Angie Dalton has lived in Clarkston since those early days in the 1980s, watching the town evolve as international conflicts over the years brought increasing diversity to the community. First, it was the Vietnamese, she recalls, then the Chinese. Before long, it was too difficult to keep track of the languages and cultures flooding the streets of her home.
“When I first moved here, Clarkston was predominantly white, and within a year and a half, the refugees started moving here. I loved it. And then over time, it had been a whirlwind—the language, the food, the cultures,” she says, standing outside the a row of grocery stores and restaurants that she says look like a representation of the United Nations.
While it might have been exciting for the locals, refugees and those who work with them don't romanticize Clarkston. It’s not all rainbows and unicorns, as Brian Bollinger, executive director of Friends of Refugees, another nonprofit in town, says. Just a few years ago, then-governor Nathan Deal tried to ban Syrian refugees from resettling in Atlanta after the terrorist attacks in Paris, then backed off.
Doris Mukungu, a Kenyan immigrant who first moved to Georgia as a college student, is the president of Amani, a Clarkston organization providing cultural, educational, and health support to refugee women. There are layers to transitioning into this American lifestyle: “These women are starting a new life, leaving a life of trauma and persecution,” she says, “but they need to be self-sustainable.” Many refugees were sent to Clarkston because for purely economic reasons, she argues, with cheap housing and resettlement programs already located here.
Mukungu's business partner, Reggie Erawoc, a Ghanaian immigrant, agrees. “From where everybody came from, they still have talent and skills," he says. "What makes a great community are all the economic factors. People are able to sustain that community, whether it is jobs, amenities, or stores. What’s depressing, [after[ you have been in a camp for 10, 12 years, you have to navigate the system, you have to drive. There are so many layers that can make Clarkston great, but the first thing you have to figure out is logistics. And then economics. It’s overwhelming.”
House prices have risen with the influx of people moving to Clarkston over the years, which makes it difficult for people to remain. The first job those who are resettled in town usually get are at the chicken factory an hour away, so that most have to organize their own transportation in a new country, where many do not yet speak English comfortably. The town’s entrance is now flanked by two chain convenience stores, with a farmers market too far to walk to for anybody in town.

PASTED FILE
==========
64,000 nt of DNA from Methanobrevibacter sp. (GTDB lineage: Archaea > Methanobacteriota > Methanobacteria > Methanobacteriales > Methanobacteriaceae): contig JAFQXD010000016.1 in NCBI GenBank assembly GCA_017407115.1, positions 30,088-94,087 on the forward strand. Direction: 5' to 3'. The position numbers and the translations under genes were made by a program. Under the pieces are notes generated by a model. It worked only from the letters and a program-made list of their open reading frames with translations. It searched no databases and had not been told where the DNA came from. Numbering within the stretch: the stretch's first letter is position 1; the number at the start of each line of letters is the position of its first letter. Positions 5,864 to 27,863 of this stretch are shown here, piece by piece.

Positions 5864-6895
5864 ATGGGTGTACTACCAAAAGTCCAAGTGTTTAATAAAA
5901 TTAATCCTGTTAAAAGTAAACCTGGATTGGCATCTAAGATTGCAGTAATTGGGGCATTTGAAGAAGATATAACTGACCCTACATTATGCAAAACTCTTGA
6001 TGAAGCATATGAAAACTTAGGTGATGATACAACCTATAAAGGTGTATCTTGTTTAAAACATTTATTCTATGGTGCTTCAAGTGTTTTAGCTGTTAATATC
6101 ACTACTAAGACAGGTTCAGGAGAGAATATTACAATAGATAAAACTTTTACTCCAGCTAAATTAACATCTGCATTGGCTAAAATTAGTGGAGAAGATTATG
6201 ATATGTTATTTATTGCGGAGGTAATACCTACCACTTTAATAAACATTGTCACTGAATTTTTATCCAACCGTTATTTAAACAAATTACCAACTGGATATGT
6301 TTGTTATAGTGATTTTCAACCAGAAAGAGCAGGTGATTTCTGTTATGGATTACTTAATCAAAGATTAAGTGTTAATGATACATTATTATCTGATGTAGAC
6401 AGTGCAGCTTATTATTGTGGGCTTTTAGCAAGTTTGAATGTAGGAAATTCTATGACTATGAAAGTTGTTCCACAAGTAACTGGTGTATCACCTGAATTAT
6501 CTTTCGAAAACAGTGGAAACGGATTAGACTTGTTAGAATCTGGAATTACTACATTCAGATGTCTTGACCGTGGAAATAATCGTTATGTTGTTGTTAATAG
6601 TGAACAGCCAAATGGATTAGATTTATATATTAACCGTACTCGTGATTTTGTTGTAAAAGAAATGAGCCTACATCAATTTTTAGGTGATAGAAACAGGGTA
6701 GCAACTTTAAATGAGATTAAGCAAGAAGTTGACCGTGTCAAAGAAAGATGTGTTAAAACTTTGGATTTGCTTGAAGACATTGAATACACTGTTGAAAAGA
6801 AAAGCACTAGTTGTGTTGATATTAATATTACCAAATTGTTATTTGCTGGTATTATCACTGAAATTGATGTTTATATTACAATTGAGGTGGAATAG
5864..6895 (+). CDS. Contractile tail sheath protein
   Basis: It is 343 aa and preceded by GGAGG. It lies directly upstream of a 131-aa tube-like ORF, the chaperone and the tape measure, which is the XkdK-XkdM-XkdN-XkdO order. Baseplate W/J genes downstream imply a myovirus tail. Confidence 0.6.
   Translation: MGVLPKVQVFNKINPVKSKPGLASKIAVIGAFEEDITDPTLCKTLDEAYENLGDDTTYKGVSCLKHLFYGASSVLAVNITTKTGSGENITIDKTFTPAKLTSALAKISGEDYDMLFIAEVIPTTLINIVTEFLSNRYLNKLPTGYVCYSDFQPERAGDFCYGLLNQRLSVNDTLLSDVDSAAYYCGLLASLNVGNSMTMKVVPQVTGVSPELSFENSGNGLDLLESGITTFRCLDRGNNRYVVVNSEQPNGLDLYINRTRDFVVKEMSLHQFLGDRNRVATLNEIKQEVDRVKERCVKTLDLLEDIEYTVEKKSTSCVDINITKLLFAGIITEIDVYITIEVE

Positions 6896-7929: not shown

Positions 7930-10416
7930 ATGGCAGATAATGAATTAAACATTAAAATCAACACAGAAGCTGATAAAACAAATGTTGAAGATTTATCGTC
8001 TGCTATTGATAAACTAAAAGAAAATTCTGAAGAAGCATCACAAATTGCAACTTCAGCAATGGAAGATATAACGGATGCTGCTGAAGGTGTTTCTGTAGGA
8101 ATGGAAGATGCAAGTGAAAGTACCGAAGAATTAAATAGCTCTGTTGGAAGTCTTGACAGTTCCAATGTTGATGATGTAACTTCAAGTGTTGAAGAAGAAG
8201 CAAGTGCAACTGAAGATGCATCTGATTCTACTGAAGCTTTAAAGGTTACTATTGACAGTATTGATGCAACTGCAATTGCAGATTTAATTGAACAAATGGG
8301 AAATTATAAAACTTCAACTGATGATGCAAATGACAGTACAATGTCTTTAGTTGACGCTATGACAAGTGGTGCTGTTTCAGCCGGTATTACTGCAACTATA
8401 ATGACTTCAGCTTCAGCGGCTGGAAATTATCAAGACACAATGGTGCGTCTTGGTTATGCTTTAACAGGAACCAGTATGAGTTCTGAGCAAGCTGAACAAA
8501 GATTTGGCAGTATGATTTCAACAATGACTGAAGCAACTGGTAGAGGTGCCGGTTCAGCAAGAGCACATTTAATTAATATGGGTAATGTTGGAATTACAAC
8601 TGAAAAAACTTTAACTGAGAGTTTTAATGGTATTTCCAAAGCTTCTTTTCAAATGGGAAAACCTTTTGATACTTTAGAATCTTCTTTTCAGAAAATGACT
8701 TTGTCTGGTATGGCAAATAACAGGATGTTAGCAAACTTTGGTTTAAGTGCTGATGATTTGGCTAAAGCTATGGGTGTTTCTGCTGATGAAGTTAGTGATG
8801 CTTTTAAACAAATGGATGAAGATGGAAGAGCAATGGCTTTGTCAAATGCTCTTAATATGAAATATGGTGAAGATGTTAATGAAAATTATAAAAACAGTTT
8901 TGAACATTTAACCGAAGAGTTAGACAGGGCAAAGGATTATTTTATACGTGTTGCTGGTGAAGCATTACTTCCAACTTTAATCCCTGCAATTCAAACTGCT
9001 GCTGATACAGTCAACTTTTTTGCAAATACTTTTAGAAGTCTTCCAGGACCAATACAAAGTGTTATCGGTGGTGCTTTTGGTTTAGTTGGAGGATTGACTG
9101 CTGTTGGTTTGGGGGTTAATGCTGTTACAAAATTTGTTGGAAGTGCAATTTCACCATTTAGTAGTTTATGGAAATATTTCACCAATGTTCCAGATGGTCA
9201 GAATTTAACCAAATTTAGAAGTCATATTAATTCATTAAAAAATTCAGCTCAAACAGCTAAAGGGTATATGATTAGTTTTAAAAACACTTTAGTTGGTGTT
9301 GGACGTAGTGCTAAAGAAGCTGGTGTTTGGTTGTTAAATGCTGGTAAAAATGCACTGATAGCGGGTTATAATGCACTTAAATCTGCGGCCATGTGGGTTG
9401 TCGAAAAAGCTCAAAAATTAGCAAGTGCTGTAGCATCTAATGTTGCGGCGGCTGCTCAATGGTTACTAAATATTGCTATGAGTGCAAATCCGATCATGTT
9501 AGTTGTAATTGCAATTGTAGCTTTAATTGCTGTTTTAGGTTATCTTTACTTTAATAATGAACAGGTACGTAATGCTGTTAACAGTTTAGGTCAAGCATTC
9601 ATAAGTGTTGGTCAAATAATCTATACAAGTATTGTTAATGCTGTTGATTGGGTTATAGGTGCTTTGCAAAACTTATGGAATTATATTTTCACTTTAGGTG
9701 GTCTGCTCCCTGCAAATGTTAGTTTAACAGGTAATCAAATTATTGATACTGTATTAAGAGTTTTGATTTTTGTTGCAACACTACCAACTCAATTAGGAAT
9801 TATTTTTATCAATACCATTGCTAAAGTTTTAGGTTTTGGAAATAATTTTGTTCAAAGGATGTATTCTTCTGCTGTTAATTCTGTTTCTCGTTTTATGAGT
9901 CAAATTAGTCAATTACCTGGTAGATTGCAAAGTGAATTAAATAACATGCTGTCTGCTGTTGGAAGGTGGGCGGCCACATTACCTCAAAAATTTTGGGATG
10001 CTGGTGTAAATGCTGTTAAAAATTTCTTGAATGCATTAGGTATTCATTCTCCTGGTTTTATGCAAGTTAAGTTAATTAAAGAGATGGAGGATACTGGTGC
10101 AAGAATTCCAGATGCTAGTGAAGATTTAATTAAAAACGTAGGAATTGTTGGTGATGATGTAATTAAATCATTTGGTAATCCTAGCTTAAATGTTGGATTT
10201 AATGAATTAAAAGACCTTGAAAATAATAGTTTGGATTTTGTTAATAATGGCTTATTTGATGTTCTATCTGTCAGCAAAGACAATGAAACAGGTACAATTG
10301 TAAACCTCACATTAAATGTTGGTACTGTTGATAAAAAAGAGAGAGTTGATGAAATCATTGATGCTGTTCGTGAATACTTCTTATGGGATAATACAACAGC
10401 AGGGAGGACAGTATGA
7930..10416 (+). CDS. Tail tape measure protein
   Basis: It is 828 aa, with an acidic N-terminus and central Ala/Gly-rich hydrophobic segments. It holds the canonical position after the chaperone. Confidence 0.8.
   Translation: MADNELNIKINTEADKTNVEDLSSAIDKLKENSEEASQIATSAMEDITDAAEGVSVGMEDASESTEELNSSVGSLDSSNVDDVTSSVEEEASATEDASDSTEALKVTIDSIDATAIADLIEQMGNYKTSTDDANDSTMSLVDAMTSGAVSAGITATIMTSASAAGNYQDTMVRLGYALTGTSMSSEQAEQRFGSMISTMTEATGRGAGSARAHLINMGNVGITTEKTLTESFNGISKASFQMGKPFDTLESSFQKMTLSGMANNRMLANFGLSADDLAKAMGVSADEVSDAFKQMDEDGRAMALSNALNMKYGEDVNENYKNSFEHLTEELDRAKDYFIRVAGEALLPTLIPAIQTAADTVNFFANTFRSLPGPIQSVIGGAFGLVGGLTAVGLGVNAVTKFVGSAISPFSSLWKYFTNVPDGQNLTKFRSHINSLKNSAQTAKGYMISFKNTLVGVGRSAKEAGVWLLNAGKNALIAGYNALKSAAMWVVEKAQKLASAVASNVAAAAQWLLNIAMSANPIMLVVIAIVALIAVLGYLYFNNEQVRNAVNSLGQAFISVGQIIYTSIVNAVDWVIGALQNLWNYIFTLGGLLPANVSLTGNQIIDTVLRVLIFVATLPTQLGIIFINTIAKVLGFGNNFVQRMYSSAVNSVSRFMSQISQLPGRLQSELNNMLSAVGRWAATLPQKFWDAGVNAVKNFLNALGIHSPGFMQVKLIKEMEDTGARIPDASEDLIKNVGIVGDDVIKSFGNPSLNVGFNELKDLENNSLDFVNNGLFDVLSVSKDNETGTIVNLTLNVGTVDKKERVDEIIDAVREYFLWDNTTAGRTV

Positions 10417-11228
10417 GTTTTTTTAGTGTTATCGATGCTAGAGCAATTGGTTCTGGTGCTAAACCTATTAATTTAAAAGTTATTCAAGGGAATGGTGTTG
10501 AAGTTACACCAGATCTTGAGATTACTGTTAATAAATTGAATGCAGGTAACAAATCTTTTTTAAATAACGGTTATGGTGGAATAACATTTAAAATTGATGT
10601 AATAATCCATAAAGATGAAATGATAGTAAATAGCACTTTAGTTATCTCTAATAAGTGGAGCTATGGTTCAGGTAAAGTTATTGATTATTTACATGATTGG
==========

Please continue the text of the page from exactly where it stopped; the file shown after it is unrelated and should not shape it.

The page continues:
People often have grand ideas about wanting to help, and they are well-meaning, Erawoc continues. But dumping clothes and presents in town each time an influx of refugees arrive is not the way to do it. He’s not sure what the solution is, though. “Maybe they should build better schools and an actual hospital in town,” he says.
However, in recent years, President Donald Trump's administration has decreased the number of refugees moving to and remaining in Clarkston and the rest of the U.S. It's led to perhaps one of the few positive results of those policies, Sami says, “Because the number of resettlements have been [lower], the quality of resettlement has been better.” He adds, though, that that’s not something to be proud of.
Sami, like Mukungu and Erawoc, acknowledge it is trendy right now to be an inclusive, welcoming refugee-friendly town near the relatively liberal oasis of Atlanta. But, they all asked, who is it benefiting, exactly? It makes the hundreds of people who volunteer feel good, they acknowledge.
A pair of friends, both immigrants, sit at a local coffee shop one weekend across the street from Refuge Coffee Co. They both roll their eyes at the red-and-black truck, saying it is not authentic, and its American owner who opened the shop in recent years profits from the refugee-friendly identity. By contrast, immigrants and refugees have been selling their coffees for years, without the PR and fanfare Refuge received for setting up in town and employing refugees.
Sami agrees it’s not perfect. There are kinks to be worked out in this starter city for thousands of refugees the last thirty-plus years. “It’s just like any other place. But I love it. It’s home.”